Shigella outbreak subsiding, but answering the “why” continues

By Jan Worth-Nelson


Flint’s latest nemesis: shigella bacteria

Incidence of the latest health threat to hit Flint and Genesee County, the diarrhea-causing bacterium shigella, appears to have subsided, at least for now, representatives from the Centers for Disease Control told the Flint Water Recovery Group under the dome at City Hall last week.

Jevon D. McFadden, a CDC physician headquartered in Lansing, told the group that as of Oct. 19 no new cases of shigellosis, the disease caused by the bacterium, had been reported in Genesee County for several weeks.

And he said no new cases have been reported for two weeks in Saginaw County, a parallel recent shigella hot spot.

But CDC experts and state and county health authorities continue to investigate the outbreak, which emerged in March and spiked in both Genesee and Saginaw counties over the summer.

A total of 135 cases have been reported since March — 85 in Genesee County and 50 in Saginaw County, McFadden said. The largest number of cases in both counties occurred in June. No one has died, though a number of patients have been hospitalized – mostly from dehydration.


Jevon McFadden at the FWRG

The actual number of cases likely was higher than documented, McFadden said, due to some people possibly not recognizing or reporting symptoms, which can include bloody diarrhea and stomach pain.  For most people the disease lasts several days to a week, and in healthy people it usually clears up on its own. But for some, effects can last for months.

In the midst of the outbreak, McFadden said, state and county health authorities requested help in tracking possible causes of the shigella spike, which many local residents worried was another outgrowth of the water crisis.

Michael Beach, CDC associate director for healthy water from the Atlanta CDC office and a nationally-known expert in waterborne infectious diseases, came to Flint in early October, meeting with local health providers and community leaders to help guide the investigation.

So far, no scientific link to the water crisis has materialized, the researchers stated, but neither has it been ruled out. “We are committed to following the science wherever it takes us,” Beach stressed.

Several factors suggest – but do not prove — that it may not be the direct result of the water crisis. First, many of the cases occurred outcounty, outside of the Flint water service area.

Second, the occurrence of the Saginaw cases makes researchers wonder how the bacteria would have emerged and spread if it came from Flint. And as McFadden pointed out, the trends of when people were ill were nearly identical in both counties.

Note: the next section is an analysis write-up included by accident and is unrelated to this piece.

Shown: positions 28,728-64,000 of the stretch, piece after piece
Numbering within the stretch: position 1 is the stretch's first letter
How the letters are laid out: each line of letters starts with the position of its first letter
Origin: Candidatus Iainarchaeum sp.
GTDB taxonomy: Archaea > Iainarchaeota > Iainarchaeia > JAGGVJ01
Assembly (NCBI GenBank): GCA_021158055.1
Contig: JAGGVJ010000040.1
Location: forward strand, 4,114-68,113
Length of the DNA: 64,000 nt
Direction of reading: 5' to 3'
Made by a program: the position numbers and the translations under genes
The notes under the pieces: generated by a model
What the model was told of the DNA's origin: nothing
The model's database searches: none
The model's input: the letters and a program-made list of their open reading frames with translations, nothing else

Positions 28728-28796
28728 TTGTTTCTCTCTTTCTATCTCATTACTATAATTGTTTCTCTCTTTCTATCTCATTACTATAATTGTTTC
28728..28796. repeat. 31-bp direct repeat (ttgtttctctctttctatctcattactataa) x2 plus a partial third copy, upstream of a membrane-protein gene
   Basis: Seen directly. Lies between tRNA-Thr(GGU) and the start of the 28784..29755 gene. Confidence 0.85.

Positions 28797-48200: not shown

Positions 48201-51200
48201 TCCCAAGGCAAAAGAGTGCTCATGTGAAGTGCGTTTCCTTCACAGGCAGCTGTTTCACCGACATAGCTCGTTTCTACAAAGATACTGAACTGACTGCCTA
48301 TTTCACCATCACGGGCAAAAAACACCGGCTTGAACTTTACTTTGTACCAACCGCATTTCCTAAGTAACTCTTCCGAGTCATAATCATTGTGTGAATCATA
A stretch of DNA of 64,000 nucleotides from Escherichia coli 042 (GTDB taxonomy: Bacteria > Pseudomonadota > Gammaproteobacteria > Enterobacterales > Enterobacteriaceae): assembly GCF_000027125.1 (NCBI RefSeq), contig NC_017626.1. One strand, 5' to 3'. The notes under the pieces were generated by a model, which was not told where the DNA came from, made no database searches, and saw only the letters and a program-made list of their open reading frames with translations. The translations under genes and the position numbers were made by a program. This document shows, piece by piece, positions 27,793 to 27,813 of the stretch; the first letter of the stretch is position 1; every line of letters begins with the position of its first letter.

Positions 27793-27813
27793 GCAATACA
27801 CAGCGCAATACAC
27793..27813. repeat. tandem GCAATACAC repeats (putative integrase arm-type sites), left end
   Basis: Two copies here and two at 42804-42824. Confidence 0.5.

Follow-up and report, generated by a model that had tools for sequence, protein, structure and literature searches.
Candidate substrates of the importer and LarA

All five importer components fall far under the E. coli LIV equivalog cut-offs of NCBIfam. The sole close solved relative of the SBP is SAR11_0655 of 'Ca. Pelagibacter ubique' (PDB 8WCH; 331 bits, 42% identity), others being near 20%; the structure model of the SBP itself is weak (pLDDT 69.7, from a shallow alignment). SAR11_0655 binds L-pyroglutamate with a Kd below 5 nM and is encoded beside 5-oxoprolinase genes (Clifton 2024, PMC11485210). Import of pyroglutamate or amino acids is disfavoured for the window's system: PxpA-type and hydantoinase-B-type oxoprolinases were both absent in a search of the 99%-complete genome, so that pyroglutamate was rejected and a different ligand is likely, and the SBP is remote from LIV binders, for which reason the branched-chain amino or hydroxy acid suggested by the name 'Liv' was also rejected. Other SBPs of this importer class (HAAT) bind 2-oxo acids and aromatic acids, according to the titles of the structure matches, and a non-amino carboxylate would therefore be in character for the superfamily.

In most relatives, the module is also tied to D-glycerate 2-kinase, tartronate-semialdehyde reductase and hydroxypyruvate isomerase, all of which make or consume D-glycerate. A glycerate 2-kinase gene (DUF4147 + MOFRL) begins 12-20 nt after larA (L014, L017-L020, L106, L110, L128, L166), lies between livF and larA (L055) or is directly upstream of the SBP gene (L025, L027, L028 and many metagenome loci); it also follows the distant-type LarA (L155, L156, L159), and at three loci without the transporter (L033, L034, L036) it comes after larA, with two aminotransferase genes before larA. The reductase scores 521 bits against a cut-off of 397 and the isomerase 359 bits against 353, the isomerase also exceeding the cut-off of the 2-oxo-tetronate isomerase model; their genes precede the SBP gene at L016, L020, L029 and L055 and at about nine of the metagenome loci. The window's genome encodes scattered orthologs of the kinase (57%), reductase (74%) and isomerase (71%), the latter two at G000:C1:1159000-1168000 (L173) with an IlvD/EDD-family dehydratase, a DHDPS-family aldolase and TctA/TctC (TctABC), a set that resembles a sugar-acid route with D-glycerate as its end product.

Michael Beach addressing the FWRG

Beach further noted that chlorine effectively kills shigella, and as local residents following the water crisis know, monitoring and sustaining the chlorine levels of treated water in Flint has been central to recovery efforts this year.

Mark Durno, a supervisory engineer from the Environmental Protection Agency and a familiar figure in local water crisis efforts and discussions, was at the recovery group meeting for the shigella discussion. He confirmed chlorine added to Flint water was within required levels all summer.

The CDC researchers noted that the best preventive for spread of the virus is hand washing with soap and water. The bacteria spread person-to-person through contact with feces, contaminated food or untreated water such as in ponds or lakes.

Since it causes diarrhea, it can be especially hard to eliminate for those caring for small children or the elderly with the disease.

Beach urged residents to take special care to wash their hands after changing diapers and before food preparation.

Local residents at the meeting voiced concerns that while the water crisis might not have directly caused the outbreak, residents’ fear of water might have added to the summer spike.

Ironically, some residents at the meeting observed, hand washing in the much-maligned Flint water this summer might have been a better alternative than bottled water, at least for preventing shigellosis, since the treated Flint water contains chlorine.

Nationally, about 7-8.000 cases of shigellosis are reported annually. The number occurring in Flint and Saginaw represented “a significant increase” for the area, Beach said, which had run about 40 cases per year previously in the affected areas.

Beach stressed that the CDC and local health authorities “don’t have all the answers,” but noted the effort to track down and prevent further incidences continues.

“You folks have gone through a lot,” Beach commented to the water recovery group. “I feel the fatigue. It is a testament to all of you that you’ve kept going.”

In the parking lot after the meeting, one resident shook her head about the latest Flint health scare and commented, “Well, after all we’ve been through, this doesn’t seem so bad.”

A CDC team including McFadden and Jonathan Yoder, a waterborne disease and outbreak surveillance system coordinator, are designing a questionnaire for further investigations and interviews with residents to explore causes and sources of the outbreak.

EVM Editor Jan Worth-Nelson can be reached at



Author: East Village Magazine

A Non-profit, Community News Magazine Since 1976

Share This Post On